At only 37, Belgian-born Jef Neve has a storied career as an innovative and acclaimed jazz musician and piano virtuoso. His music is both playful and elegant, and he is one of the foremost voices in contemporary jazz piano.
He has done everything from composing film scores to playing in major jazz festivals – and in 2015, he will be performing a solo piano set in the Melbourne International Jazz Festival’s summer sessions. We had the opportunity to quiz him about his youth, his music and his heroes.
When you were younger, did you see yourself playing as diverse a range of music as you have done (including pop, jazz, symphonic pieces)? And of all of those genres, which has been your favourite experience?
When I was a young kid, at the age of 6 I started ‘composing’, writing my first little pieces of music, signing them with ‘Jef Amadeus Neve’, so I think I was pretty sure about what to become later on.
But of course I couldn’t know that the range of what I write would be so diverse, and I’m only happy about that result! Despite some hard core ‘jazz-police’ fans, or some others who expect that my music would be more this or that. It’s just my music, and I can’t say if it’s jazz or pop or classical, it’s just what I feel and my new solo album is the best example of this, because it is a complete diverse album.
You see yourself as a pioneer in Thailand and South East Asia. Why is that?
I told this in an interview a year ago, but I still agree at some point with this quote. There are only a very few European musicians who come to play in cities like Bangkok. And I love it! It is a difficult market, because it is filled with tradition and I respect that, but I feel that I can touch some hearts with my music and slowly things are growing, so I want to keep investing on this part of the world.
Which do you prefer to play: live shows or albums, and why? And of your recorded material, do you prefer soundtracks with the visuals meeting the music, or regular albums, where it is pure music?
Difficult to say, but I think every musician loves to play live shows more, because you get a direct response of the audience. But it can be frustrating as well, for example if you play a concert where the audience is tired or not concentrated (like on festivals), it can be really difficult to take them with me on my trip that I want to show them.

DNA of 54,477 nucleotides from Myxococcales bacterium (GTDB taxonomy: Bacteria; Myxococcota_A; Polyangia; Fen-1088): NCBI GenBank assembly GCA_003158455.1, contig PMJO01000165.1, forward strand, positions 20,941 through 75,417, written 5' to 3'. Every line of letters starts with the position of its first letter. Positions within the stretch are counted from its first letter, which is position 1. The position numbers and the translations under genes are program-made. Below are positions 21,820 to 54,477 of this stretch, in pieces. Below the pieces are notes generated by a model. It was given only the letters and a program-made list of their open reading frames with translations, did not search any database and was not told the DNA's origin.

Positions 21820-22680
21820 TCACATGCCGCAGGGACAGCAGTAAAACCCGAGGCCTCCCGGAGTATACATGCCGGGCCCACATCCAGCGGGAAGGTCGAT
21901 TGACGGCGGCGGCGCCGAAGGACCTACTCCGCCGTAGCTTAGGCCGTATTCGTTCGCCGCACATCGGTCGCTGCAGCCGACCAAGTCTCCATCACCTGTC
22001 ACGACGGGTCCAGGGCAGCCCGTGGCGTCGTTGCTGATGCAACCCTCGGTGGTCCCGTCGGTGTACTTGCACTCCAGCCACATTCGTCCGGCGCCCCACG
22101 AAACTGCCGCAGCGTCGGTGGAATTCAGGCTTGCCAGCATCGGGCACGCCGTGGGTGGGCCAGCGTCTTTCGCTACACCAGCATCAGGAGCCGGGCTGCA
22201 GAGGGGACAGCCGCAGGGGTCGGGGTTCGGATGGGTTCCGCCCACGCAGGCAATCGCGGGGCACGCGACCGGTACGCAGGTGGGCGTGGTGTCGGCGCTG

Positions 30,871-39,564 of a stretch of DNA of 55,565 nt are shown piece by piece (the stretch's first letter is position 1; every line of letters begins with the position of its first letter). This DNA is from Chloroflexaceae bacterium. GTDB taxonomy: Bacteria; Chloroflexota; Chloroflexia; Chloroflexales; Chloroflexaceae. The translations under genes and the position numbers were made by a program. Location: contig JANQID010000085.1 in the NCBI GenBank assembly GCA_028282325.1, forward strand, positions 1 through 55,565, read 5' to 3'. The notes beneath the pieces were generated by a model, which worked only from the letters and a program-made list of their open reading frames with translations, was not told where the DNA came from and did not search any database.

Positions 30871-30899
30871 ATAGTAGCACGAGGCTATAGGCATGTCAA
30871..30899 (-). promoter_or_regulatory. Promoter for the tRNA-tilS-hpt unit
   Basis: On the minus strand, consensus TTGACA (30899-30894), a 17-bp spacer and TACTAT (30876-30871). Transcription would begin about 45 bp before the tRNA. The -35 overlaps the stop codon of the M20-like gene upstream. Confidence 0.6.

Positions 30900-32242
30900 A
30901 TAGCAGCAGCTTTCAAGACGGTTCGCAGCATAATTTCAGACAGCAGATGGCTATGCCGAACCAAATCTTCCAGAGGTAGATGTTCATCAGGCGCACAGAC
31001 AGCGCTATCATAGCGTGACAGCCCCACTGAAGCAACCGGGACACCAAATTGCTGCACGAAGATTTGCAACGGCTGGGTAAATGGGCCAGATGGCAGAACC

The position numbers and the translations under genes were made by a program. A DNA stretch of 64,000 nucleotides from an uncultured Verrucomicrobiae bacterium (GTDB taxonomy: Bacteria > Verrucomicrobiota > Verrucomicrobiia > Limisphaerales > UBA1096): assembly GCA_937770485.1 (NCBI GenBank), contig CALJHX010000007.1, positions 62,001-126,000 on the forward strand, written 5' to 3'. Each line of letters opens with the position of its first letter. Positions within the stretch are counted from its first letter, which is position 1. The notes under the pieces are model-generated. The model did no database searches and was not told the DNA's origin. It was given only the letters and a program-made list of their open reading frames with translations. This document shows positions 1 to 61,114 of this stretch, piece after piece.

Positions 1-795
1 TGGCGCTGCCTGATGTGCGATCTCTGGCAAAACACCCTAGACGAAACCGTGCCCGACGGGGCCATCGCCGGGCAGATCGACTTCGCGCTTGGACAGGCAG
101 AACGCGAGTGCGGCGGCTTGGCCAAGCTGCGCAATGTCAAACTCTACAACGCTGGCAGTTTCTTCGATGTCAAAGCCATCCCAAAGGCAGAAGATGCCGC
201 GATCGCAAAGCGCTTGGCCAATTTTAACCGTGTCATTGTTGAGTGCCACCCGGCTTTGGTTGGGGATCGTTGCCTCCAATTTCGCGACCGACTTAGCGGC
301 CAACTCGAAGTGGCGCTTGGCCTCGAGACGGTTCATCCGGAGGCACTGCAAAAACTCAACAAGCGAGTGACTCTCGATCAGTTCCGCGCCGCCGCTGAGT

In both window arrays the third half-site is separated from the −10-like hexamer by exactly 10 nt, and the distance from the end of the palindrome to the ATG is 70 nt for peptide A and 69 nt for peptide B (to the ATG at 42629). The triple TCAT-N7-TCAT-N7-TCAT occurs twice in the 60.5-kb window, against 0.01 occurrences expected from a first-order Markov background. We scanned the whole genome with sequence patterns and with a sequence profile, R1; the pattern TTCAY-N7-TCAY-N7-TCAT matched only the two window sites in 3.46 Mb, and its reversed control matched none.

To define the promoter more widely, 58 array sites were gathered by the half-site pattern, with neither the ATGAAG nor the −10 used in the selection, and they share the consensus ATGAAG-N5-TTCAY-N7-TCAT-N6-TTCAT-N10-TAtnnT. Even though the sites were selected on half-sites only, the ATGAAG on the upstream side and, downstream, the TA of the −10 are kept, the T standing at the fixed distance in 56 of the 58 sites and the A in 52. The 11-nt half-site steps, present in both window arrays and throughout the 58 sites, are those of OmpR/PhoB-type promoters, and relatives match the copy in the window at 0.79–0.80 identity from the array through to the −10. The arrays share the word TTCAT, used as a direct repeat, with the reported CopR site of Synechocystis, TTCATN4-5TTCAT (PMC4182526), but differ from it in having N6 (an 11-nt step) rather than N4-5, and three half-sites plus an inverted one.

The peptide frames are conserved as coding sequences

Recordings are fun as well, but mostly very very hard work and it’s actually the first reaction of the listener that you want, not the whole recording session. You want to know how it reaches the people.
Soundtracks or my own albums, I think equally. The soundtrack can be that much supporting to the images that it takes over, and the music on my ‘regular’ albums can take you away that you start to make your own images. If this happens, I’m a happy man!
You’ve attended master classes with some very talented musicians like Martial Solal and Billy Hart, among many others. Did any of these teachers leave a lasting impact on your playing or life?
For me, Toots Thielemans is a very imported name to drop, he is the godfather of Belgian jazz musicians, everybody loves him. And the way he plays those simple melodies so beautifully…
For me as a pianist, it is Brad Mehldau who inspired (and still does) me most!
Of your many accolades and awards, do you have any which stand out?
I don’t make my music to get awards actually. I really like it of course (I’m nominated right now again for 2 Music Industry Awards in Belgium, I’ll know it on January 8th, when I’m in Bangkok ☺) but as much as it can lift your ego, 3 minutes later I go on with the order of the day and try to make my music.
Is there anything exciting or new we can expect from your Melbourne Jazz Festival show?
Yes, because it is the first time in my life that I dared to make a solo album, and to play it in front of an audience. It took me years and years to prepare this album (I even went to Australia to play some solo concerts last year to ‘test’ it on an audience, and one track was even recorded in Australia!) but now it’s there and I’m very proud of it.
And as a special extra for this show I will play a second set in trio with 2 Australian musicians, Philip Rex and Danny Fischer!
You’ve been on tours around the world – can you recommend a few different jazz musicians in a few different countries?
Tord Gustavsen (piano) from Norway, Paulo Fresu (trumpet) Italy, Brad Mehldau, and I can continue for a long time here ☺
Jef’s show takes place on Friday 23 January, 2015, at Bennetts Lane Jazz Club, Melbourne. Tickets start from $33. To buy tickets and find out more, head to the Melbourne International Jazz Festival’s website.